Within two weeks of their founding, RunHers burst on to the running scene by placing in two local races (the Virginia Cross Country Champion and the George Mason University Cross Country.) Not content with just the shorter races, some RunHers burned up the roads at the inaugural Marine Corps Reserve Marathon in November. Out of the membership of twenty-two RunHers as of January 1977, seven had completed at least one marathon and many more were training for one. But the RunHers were not always winning races and being serious competitors. Social gatherings were also important functions to Club members. There were monthly birthday runs put on by the members whose birthdays fell within that month.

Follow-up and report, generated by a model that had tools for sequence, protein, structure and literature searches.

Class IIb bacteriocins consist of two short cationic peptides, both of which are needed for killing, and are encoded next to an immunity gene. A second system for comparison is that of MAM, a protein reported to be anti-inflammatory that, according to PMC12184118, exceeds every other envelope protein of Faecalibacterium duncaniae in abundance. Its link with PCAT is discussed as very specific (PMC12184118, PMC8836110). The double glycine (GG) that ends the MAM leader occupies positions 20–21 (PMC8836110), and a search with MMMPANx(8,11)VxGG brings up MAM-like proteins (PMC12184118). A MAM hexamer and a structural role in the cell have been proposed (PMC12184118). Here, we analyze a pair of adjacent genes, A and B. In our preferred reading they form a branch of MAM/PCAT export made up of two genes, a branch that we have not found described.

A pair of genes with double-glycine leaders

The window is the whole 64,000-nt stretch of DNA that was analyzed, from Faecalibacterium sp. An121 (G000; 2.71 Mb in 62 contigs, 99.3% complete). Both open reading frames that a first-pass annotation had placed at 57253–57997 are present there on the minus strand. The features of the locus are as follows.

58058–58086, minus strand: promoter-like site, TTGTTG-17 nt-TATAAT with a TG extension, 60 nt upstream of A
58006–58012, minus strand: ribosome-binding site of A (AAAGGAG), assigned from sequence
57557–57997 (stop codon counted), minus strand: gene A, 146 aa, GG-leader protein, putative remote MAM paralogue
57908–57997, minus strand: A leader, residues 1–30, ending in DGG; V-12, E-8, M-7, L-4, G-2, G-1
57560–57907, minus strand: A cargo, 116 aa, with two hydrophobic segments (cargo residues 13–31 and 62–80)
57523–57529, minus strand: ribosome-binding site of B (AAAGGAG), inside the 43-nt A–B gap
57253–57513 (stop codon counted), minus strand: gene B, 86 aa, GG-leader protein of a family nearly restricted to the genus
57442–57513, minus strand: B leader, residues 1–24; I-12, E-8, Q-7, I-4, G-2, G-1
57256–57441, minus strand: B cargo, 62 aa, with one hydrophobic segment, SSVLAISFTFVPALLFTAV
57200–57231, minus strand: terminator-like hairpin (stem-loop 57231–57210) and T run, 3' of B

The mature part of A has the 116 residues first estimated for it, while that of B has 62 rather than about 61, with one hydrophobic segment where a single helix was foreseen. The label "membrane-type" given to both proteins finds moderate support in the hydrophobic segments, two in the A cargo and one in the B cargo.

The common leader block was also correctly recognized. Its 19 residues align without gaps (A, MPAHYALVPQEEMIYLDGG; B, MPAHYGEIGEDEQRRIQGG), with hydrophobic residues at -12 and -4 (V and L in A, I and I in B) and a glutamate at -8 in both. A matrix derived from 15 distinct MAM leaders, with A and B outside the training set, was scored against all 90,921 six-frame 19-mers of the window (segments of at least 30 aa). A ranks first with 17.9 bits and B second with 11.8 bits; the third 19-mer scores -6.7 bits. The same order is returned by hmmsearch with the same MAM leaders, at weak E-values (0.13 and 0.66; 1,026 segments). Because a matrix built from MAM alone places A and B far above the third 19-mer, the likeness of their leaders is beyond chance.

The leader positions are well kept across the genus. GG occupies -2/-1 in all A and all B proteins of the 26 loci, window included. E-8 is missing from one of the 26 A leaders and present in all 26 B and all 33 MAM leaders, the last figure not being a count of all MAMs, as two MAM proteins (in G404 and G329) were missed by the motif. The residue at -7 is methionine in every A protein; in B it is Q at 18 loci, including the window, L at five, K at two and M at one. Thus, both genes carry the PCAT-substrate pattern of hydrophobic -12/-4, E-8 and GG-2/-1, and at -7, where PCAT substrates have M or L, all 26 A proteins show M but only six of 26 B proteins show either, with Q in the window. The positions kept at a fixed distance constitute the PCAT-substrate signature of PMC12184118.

By March of 1977 the membership size had tripled to 43. Afraid of losing the intimacy and camaraderie that had been established within the club, RunHers decided to close its membership size at 50 and accept members by invitation only. Not wanting to discourage any women from running who inquired about RunHers, it was decided to encourage them to join other co-ed clubs or help form other women’s clubs. Because of their high visibility at local races and media attention, RunHers attracted women runners of all ages and abilities. It soon became evident that they could not promote women’s running by restricting the size of the club and limiting the membership. Based on a survey sent to all members in the Fall of 1977, the Club decided that it could serve the community best by opening up membership to all levels of women runners.